Staff writer Todd R. Brown covers the North County. Reach him at (650) 348-4473 or tbrown@sanmateocountytimes.com.

Trekking through history: Mountain hikes to explore: San Bruno Mountain excursion investigates ancient Ohlone village

Publisher: San Mateo County Times
Reporter: Todd Brown

For more than 5,000 years, a group of Ohlone Indians called San Bruno Mountain home. As hunter-gatherers, they ate shellfish, discarding the remains in piles known as shellmounds. They migrated seasonally to gather acorns and other foods, but kept a permanent encampment on the mountain's Bay side.

Two hundred and thirty-seven years after Don Gaspar de Portola's expedition brought the first Europeans to San Francisco Bay, the village of Siplichiquin is long gone, its inhabitants killed by disease or taken to Mission Dolores to serve as farm slaves for the Spanish settlers there. Yet bits of evidence remain.

"Unless you notice there are shells on the ground or know to look for fire-cracked rock along the creek, you would have no idea, really, that there was a village there for 5,000 continuous years," said Philip Batchelder, executive director of San Bruno Mountain Watch. "And yet you look all around ... and see what's happened in the last 200 years. It says an awful lot about our different relationship to the land."

Batchelder's group plans four summer hikes to explore the village remnants and the native flora the Ohlone relied on. The first trip departs Saturday morning from downtown Brisbane. The moderate, three- to four-hour hike will include a stop at the shellmound and a walk in Buckeye Canyon.

Environmentalists and contemporary American Indians worked together to maintain the ancient village, where Ohlone remains are still buried.

"When I stand on that hill - I could see the ancestors there, and they're summoning somebody for help," said Patrick Orozco, tribal chairman of the Pajaro Valley Ohlone Indian Council in Watsonville, with 300 members on its tribal roll. He believes the site could be as much as 10,000 years old.

"That mountain was something that meant a lot to the Siplichiquin people," he said.

Orozco and Mountain Watch co-founder David Schooley paired up to preserve the village. In 1997 developer SunChase G.A. California I agreed to protect the site, which actually includes two shellmounds, a main area and a smaller plot uphill that Orozco said may have been used by a shaman for ceremonies.

Myers Development, which built the Terrabay housing tracts on the mountain's South San Francisco side, also agreed to preservation. In 2004 the county and the Trust for Public Land bought about 25 acres on the eastern slope by Highway 101, where the village was. The site is now part of San Bruno Mountain State and County Park.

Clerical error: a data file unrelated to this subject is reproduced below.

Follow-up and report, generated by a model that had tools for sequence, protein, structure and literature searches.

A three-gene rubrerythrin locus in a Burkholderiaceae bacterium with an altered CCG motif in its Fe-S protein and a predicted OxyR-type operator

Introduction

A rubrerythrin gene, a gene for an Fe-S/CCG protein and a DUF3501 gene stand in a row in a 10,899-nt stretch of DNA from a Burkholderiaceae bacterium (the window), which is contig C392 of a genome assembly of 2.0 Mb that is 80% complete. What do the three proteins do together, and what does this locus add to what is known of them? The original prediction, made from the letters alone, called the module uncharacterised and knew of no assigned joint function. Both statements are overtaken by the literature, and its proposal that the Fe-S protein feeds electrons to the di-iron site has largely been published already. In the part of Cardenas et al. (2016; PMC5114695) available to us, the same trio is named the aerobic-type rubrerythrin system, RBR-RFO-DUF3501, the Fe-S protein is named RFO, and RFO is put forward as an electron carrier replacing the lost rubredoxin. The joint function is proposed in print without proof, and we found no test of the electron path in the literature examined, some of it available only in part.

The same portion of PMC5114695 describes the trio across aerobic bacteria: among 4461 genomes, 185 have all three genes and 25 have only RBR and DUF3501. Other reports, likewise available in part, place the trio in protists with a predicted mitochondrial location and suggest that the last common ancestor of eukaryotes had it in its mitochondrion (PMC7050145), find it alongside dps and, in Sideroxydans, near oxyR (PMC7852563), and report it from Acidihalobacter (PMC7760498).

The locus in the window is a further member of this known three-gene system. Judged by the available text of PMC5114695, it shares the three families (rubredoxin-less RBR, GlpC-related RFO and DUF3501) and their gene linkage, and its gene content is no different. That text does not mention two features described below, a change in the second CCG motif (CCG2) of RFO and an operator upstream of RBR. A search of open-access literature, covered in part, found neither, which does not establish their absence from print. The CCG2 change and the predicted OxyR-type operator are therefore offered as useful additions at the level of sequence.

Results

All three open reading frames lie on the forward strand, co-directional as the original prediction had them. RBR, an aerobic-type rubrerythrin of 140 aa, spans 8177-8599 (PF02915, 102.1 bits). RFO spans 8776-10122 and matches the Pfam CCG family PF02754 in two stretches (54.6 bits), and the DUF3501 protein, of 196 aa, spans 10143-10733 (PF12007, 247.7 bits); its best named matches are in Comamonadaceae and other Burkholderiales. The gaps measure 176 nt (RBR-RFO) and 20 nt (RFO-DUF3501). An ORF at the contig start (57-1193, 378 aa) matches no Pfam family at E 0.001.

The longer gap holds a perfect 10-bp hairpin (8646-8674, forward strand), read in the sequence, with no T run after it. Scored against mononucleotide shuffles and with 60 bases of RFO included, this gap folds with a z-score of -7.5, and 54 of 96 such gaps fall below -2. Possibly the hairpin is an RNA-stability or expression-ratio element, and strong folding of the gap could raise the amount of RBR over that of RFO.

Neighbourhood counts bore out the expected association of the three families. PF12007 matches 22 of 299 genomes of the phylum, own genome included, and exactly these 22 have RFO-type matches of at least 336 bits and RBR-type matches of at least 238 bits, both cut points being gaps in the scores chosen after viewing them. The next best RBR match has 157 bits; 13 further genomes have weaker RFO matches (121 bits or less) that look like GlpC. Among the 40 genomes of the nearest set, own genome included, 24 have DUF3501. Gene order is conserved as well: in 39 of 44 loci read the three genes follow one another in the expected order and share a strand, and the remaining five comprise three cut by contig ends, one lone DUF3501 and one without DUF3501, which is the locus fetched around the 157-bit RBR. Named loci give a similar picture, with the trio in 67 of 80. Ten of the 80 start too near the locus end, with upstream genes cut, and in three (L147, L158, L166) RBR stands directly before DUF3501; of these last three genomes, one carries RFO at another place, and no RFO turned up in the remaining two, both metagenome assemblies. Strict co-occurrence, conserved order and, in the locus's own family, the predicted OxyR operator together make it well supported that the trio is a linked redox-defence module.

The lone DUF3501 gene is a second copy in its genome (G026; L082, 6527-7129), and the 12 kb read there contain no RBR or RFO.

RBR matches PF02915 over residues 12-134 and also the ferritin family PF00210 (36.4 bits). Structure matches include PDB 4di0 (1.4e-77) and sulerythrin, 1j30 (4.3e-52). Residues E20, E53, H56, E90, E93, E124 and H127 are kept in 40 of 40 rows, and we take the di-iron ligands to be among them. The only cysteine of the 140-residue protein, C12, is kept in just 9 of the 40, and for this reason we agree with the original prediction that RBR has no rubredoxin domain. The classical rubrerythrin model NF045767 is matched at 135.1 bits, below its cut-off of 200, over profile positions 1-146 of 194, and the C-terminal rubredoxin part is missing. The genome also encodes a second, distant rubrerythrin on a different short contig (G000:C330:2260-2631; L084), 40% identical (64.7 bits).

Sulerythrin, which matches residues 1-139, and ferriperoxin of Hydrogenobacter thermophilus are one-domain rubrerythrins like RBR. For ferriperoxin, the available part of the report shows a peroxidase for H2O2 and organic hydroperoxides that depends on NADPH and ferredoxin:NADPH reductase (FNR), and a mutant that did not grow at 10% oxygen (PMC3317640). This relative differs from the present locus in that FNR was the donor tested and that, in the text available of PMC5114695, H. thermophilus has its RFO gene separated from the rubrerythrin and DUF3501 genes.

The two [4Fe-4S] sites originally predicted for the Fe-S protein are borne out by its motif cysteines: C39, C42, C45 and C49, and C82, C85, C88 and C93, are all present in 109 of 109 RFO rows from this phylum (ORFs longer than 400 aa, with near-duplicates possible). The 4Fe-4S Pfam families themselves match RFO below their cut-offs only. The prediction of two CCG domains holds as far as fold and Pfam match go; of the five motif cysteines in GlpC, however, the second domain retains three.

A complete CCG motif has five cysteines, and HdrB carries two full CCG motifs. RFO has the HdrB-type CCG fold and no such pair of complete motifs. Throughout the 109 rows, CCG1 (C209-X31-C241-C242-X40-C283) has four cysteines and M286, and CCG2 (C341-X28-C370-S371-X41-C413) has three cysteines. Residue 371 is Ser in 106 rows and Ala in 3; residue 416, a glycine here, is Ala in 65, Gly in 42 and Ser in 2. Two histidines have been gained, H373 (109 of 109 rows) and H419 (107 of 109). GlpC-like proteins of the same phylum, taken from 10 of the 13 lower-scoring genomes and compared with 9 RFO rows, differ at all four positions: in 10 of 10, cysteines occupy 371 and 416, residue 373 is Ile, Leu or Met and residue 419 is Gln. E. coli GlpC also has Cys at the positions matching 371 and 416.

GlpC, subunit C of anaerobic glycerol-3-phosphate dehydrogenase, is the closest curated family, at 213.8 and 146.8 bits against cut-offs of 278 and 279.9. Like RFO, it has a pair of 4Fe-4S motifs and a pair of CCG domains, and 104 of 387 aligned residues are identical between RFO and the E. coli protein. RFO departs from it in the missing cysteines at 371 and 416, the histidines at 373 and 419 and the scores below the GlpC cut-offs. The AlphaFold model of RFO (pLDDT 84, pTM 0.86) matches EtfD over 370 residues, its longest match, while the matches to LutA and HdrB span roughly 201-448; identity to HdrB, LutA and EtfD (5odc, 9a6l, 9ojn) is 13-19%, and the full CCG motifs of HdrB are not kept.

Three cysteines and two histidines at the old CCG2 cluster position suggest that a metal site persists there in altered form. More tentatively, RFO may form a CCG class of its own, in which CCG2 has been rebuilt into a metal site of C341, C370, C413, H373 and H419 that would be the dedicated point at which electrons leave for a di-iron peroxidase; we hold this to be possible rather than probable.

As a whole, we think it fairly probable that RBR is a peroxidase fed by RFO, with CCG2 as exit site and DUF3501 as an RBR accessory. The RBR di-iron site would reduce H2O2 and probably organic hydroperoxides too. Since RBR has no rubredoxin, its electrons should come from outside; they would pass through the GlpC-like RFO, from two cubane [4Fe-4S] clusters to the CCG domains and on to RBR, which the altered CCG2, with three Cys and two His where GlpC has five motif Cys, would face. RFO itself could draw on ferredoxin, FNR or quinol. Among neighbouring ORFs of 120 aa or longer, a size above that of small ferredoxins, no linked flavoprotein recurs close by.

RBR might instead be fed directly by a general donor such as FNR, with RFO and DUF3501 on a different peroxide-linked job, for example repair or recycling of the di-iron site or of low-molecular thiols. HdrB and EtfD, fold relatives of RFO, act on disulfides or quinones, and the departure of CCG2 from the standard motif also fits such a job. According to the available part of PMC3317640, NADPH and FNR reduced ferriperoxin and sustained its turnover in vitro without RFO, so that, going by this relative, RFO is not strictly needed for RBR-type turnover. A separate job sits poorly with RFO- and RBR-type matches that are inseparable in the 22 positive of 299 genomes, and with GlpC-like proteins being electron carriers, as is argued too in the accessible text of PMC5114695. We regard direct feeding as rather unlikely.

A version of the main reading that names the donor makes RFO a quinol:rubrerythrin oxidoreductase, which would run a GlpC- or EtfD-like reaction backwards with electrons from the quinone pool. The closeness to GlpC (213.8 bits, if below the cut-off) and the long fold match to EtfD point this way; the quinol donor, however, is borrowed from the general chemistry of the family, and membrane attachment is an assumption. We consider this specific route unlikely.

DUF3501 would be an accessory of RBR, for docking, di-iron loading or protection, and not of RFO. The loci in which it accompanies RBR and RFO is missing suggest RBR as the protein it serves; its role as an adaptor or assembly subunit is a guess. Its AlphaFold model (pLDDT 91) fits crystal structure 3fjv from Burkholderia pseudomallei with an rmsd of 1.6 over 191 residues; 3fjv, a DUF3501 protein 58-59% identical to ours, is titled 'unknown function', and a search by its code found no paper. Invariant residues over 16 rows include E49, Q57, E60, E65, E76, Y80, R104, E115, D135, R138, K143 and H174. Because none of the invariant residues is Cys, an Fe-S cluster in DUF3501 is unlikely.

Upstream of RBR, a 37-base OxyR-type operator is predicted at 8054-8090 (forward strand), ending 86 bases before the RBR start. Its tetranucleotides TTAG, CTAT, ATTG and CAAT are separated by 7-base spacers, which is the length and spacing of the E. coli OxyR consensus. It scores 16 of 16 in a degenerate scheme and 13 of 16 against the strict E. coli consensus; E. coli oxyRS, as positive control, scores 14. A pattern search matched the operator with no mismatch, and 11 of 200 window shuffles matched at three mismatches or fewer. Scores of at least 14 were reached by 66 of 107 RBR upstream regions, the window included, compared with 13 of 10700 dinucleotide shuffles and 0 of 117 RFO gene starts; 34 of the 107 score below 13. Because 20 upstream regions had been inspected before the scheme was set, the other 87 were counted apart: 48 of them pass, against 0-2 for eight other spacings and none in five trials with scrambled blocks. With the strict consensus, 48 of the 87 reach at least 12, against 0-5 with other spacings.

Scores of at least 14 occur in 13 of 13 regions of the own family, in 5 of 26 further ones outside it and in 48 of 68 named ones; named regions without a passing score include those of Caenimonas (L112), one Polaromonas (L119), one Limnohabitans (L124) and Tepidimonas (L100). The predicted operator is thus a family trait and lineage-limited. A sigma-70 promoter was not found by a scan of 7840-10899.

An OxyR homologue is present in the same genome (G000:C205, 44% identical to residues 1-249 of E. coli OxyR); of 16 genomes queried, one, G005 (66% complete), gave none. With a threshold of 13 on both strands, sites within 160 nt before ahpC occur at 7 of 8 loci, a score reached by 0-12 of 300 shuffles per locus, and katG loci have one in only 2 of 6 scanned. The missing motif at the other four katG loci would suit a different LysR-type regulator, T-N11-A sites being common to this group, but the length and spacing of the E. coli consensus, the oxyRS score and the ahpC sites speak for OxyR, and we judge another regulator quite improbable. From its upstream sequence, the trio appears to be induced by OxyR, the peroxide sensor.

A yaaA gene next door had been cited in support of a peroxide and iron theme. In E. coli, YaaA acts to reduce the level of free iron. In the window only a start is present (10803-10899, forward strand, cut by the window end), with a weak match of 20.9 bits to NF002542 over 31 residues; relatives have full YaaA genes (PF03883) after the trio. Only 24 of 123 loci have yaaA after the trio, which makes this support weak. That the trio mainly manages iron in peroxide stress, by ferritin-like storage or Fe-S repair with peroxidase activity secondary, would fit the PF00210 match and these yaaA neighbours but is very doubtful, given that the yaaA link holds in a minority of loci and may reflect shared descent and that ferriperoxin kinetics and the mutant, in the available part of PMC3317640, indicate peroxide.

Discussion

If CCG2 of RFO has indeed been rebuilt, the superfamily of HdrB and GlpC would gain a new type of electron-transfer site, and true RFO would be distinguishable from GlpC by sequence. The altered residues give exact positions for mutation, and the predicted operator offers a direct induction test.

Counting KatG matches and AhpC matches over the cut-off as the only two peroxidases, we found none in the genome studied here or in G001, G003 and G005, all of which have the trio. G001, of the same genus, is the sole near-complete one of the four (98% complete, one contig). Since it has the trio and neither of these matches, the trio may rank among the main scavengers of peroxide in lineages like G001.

The land trust dates Siplichiquin to 3,200 B.C., which Batchelder said makes it the oldest of about 425 shellmound villages identified in the Bay Area. He said anthropologists found dozens of human burials at Siplichiquin, which they interpreted as evidence of hundreds of remains still unexcavated. (CORRECTION-THIS IS ONE OF THE OLDEST REMAINING SITES; THERE WERE OTHERS THAT WERE OLDER.)

Orozco said the Ohlone ate oysters, clams, abalone, crabs, sea snails and other shellfish. They piled the shells in heaps that, when ground down, are called midden.

Although few native oysters are found in the Bay today, Batchelder said the shore was suitable habitat for plenty of oyster beds before European settlement and the silting of the Bay.

Today, he said all that is left of the original Peninsula bay shore is the inland part of Shearwater in South City, a contaminated channel that runs by the Oyster Point interchange, and a bit of rock jutting out of Brisbane Lagoon.

"Ohlone" is a term for all the coastal tribelets in the greater Bay Area and replaced the Conquistadors' term "Costanoan," meaning people of the coast, in the '60s and '70s. The tribelets, with their own unique dialects, took their names from individual villages from Big Sur to the Golden Gate and from the Central Valley to the Pacific coast.

"A lot of the people today trace themselves back to the village they come from," Orozco said, adding that the word Ohlone might have come from an Ano Nuevo village at the San Mateo-Santa Cruz county border.

Ohlones are still fighting to be recognized by the U.S. government. Rather than identifying with a reservation, many have worked to preserve ancient burial sites uncovered during construction on Yerba Buena Island, in San Jose and elsewhere.

Orozco said his grandmother, Rose Rio, who shared ancient songs with him in their original language, inspired him to preserve his ancestors' culture.

"Her last words to me were, 'You have learned all that I have taught you. Now go. Teach our people the language, our stories, and this way they will know we are still here.'"

Staff writer Todd R. Brown covers Brisbane, Colma, Daly City and South San Francisco. Reach him at (650) 348-4473 or tbrown@sanmateocountytimes.com

Where have all the butterflies gone? Last year, surprisingly large numbers of painted ladies migrated through Northern California -- this year, few have shown up

Publisher: San Francisco Chronicle
Reporter: Jane Kay

Wild fluctuations in California's winter and spring weather have hurt fragile butterfly populations, causing numbers to fall to the lowest in more than three decades and increasing the concerns of scientists about long-term declines linked to climate change and habitat loss.